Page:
With every attack on innocent people everywhere: we try not to lose faith in humanity. We urge each other to believe that good triumphs over evil. We propound that we will continue to go out, to shop, to go to school, venture out to work, eat in cafes and attend concerts.
We say that to stay at home and hide, means the terrorists win. They terrorize even those of us who are still safe and uninjured, because our safety seems tenuous and we begin to doubt our freedom and second guess where we should travel.
Terrorism is the enemy of freedom.
But there is a bizarre number of angry personal statements that erupt with each event. What seems to spark this outcry is when other people show sympathy and unity with the attacked.
Of course, this most recently happened when apparently ISIS killed and maimed hundreds of people in Paris. Several of my friends on Facebook changed their profile photos to the colors of the French flag. Several displayed art that re-interpreted the peace sign into the Eiffel Tower.
Unbelievably, this set up a war of whose death matters. Some posts I read in reaction to the terrorism in Paris:
“Facebook doesn’t have a Kenya flag update on people’s profiles!”
“Nearly 2,000 Civilians Were Killed in a Single Terror Attack in Nigeria—Where Was Facebook?”
“Where is the Facebook flag for Syria?”
It’s unbelievable, but each tragedy sets up a war about profile graphics on Facebook.
I always wonder about what such admonishments say about the personal brands who hurl them.
If your grandparent dies, and someone gives you sincere condolences do you condemn that person as mean-spirited or disrespectful for not sending condolences to everyone who lost a grandparent?
I don’t know about you, but I did not seek to overlook, deny or avoid the importance of tragic events in any place; in any of 196+ countries on the planet. Violence against innocent people, enslavement, beheadings, and all manner of horror have been part of the world events I attend to and grieve.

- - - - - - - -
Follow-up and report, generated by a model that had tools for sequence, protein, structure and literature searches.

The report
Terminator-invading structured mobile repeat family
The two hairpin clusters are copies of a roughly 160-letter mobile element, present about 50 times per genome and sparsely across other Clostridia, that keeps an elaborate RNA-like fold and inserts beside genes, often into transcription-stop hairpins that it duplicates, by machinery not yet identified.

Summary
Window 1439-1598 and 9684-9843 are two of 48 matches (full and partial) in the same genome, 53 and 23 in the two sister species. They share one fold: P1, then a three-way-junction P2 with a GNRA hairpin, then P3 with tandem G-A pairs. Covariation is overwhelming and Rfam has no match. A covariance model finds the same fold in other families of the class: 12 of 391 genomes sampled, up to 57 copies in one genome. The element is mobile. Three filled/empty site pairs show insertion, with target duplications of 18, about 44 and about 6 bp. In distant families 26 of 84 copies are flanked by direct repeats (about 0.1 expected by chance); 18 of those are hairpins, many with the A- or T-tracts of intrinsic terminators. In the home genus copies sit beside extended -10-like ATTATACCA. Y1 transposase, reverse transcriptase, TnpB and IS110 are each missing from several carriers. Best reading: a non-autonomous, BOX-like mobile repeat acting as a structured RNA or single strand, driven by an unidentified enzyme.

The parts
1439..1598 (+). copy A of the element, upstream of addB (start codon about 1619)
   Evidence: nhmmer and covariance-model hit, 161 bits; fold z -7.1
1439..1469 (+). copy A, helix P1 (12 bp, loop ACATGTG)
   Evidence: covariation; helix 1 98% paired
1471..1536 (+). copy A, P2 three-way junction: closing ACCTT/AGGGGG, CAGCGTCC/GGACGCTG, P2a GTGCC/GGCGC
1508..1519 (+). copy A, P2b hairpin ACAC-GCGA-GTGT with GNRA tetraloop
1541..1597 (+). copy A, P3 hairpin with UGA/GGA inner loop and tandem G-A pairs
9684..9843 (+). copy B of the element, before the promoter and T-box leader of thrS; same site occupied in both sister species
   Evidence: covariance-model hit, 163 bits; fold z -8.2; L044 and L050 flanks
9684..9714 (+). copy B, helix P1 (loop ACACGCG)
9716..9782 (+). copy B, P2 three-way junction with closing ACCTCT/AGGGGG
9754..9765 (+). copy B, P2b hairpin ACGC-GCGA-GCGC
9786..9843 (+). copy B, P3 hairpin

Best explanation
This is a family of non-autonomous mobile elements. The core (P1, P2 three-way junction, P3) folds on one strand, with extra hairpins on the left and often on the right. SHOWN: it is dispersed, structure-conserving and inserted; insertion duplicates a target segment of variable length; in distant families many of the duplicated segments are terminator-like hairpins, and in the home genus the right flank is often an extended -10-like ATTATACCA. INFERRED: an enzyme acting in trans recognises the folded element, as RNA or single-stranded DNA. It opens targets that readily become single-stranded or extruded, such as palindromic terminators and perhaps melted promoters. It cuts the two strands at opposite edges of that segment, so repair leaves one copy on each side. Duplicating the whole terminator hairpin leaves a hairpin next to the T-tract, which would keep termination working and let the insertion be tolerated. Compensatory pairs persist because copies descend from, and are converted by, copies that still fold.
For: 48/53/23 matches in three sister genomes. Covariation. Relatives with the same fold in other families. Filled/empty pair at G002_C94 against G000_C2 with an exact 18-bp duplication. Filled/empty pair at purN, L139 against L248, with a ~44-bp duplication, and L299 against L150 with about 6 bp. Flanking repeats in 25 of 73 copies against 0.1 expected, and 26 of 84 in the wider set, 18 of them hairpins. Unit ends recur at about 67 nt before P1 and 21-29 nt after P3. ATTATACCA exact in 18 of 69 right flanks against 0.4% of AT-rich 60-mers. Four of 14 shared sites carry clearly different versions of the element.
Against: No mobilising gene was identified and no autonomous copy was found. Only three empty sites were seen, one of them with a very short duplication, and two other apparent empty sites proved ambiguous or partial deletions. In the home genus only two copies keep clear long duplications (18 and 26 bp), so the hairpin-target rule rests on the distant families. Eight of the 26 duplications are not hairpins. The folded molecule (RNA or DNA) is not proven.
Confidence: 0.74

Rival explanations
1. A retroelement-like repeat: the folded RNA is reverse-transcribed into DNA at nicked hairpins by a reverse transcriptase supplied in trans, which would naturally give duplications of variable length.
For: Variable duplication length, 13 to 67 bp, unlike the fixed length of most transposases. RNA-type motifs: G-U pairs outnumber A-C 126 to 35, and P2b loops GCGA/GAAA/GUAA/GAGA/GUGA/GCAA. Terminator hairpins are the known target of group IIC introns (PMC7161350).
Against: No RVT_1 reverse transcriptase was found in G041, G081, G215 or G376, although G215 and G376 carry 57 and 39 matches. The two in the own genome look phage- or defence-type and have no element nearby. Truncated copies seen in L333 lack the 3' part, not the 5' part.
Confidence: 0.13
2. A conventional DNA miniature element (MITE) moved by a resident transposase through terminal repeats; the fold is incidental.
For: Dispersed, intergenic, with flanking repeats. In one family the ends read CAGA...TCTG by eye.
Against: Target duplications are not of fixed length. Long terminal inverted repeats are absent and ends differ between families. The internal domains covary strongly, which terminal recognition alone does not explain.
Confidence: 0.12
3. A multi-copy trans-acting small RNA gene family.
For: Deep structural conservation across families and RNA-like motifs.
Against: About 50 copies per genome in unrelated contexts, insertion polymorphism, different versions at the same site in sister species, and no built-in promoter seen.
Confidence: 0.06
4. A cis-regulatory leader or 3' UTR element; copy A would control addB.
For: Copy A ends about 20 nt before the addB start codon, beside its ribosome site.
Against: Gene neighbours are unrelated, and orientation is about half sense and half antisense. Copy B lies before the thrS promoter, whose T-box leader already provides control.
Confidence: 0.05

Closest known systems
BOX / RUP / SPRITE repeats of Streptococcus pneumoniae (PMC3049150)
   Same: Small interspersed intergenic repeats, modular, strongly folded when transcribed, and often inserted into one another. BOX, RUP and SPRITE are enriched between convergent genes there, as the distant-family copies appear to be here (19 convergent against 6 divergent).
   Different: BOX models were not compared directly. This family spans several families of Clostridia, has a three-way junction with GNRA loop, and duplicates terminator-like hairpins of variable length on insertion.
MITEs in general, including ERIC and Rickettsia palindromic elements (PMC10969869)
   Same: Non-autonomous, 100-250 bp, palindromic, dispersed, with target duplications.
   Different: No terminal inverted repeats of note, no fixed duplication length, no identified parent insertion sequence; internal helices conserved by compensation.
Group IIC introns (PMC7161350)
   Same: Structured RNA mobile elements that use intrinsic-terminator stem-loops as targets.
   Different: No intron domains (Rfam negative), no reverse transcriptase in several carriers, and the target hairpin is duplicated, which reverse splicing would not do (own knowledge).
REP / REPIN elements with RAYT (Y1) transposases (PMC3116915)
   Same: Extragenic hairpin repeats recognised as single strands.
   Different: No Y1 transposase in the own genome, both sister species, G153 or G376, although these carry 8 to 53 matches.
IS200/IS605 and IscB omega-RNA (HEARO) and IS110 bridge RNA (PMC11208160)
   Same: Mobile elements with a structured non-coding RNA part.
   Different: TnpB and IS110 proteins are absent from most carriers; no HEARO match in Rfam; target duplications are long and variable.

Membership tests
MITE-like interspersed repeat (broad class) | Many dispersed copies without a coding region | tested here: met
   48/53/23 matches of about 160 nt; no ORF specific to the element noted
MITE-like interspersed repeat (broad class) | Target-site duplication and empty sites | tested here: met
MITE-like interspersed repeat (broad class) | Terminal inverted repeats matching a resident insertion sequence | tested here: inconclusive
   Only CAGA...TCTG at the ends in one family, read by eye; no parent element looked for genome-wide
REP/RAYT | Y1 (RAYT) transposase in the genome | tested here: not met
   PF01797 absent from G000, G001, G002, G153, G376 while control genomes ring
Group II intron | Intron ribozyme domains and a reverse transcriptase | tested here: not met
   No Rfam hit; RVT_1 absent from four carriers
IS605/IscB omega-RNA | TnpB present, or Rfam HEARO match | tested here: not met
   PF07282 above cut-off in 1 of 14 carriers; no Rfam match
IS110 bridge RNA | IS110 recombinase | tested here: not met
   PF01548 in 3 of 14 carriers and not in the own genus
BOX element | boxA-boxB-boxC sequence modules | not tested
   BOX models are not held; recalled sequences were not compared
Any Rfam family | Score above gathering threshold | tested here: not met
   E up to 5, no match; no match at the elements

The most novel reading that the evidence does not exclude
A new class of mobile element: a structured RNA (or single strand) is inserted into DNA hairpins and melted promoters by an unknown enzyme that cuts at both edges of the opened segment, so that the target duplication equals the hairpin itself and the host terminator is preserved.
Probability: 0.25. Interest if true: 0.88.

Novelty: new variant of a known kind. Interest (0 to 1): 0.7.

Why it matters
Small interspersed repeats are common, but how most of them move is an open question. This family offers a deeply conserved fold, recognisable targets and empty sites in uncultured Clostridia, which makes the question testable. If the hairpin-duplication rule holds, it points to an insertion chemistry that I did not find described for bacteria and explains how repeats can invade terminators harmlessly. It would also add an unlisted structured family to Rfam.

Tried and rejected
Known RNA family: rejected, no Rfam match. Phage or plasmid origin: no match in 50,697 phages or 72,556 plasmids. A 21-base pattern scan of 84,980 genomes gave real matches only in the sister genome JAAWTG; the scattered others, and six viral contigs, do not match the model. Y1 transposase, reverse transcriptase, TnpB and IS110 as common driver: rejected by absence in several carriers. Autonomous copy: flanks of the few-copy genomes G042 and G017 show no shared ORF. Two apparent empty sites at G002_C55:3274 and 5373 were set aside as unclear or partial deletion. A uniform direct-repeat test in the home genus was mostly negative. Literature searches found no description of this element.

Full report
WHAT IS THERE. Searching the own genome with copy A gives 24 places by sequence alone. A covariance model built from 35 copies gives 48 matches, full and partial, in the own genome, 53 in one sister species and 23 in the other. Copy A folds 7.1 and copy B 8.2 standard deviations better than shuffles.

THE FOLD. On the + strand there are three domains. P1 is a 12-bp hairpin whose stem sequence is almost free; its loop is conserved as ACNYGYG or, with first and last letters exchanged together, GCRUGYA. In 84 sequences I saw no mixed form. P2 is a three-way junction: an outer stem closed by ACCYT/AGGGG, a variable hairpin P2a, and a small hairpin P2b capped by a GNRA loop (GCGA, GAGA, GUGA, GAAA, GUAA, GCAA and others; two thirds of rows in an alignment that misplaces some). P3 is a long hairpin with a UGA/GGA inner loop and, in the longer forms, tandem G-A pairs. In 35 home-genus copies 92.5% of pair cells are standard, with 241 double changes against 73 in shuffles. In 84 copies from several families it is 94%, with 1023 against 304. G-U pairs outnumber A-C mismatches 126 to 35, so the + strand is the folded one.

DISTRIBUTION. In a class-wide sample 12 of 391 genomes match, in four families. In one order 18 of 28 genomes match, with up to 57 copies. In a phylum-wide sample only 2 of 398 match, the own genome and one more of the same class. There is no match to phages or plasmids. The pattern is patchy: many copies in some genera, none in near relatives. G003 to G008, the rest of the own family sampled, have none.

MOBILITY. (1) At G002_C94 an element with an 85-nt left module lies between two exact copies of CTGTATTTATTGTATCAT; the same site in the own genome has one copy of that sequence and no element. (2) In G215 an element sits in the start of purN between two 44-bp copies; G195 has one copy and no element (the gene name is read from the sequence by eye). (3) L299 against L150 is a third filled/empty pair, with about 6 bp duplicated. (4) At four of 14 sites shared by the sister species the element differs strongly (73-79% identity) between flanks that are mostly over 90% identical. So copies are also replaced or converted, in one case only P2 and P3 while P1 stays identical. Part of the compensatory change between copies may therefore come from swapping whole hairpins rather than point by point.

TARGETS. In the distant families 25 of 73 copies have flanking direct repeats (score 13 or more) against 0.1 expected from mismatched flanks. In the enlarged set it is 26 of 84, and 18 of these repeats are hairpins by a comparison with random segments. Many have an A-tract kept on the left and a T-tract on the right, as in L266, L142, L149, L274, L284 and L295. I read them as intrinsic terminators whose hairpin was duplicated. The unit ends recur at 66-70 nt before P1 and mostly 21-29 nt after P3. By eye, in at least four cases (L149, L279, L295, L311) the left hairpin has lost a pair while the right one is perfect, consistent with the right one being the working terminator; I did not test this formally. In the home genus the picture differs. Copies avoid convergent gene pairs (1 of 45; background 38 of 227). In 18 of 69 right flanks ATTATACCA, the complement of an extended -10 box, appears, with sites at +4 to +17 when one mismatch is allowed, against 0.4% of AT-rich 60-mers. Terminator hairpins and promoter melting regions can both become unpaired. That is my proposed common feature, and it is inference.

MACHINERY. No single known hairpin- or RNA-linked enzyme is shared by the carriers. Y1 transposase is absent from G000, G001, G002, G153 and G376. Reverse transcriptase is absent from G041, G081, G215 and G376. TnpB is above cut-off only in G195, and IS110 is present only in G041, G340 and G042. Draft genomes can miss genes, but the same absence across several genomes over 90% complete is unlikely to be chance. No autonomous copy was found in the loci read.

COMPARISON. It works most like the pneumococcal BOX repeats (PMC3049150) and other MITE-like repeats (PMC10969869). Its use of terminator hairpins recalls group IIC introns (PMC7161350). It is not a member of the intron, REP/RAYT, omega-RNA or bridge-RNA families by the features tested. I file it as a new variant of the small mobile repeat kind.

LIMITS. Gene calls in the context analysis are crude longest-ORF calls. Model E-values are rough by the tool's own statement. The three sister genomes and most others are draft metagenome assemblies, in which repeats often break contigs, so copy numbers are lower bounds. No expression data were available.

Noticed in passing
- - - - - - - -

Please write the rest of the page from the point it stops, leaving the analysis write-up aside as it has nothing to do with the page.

There is not a country without violence, inhumanity, and terror.
But it is not a competition. Nor a time for aggression against mourners.
If you are moved by events of any place and you wish to change your profile photo – you do not need Facebook’s graphics team to give you a flag to transpose over your face.
You can do that yourself. And, when you do: you will perhaps inform those who know less than you do. Or, you will affirm your solidarity with those who know what you know.
But, don’t use the most recent tragedy to start a war of words, or attack on anyone’s character. Not all of us wear our grief on our profile photos. Most of us bear the sadness of the world’s inhumanity in our hearts.
There is no flag for how I feel, although I respect those who post one. There are lyrics by John Lennon that seem to sum up what I imagine might eventually come to pass to save us all.
Imagine there’s no countries
It isn’t hard to do
Nothing to kill or die for
And no religion too
Imagine all the people living life in peace.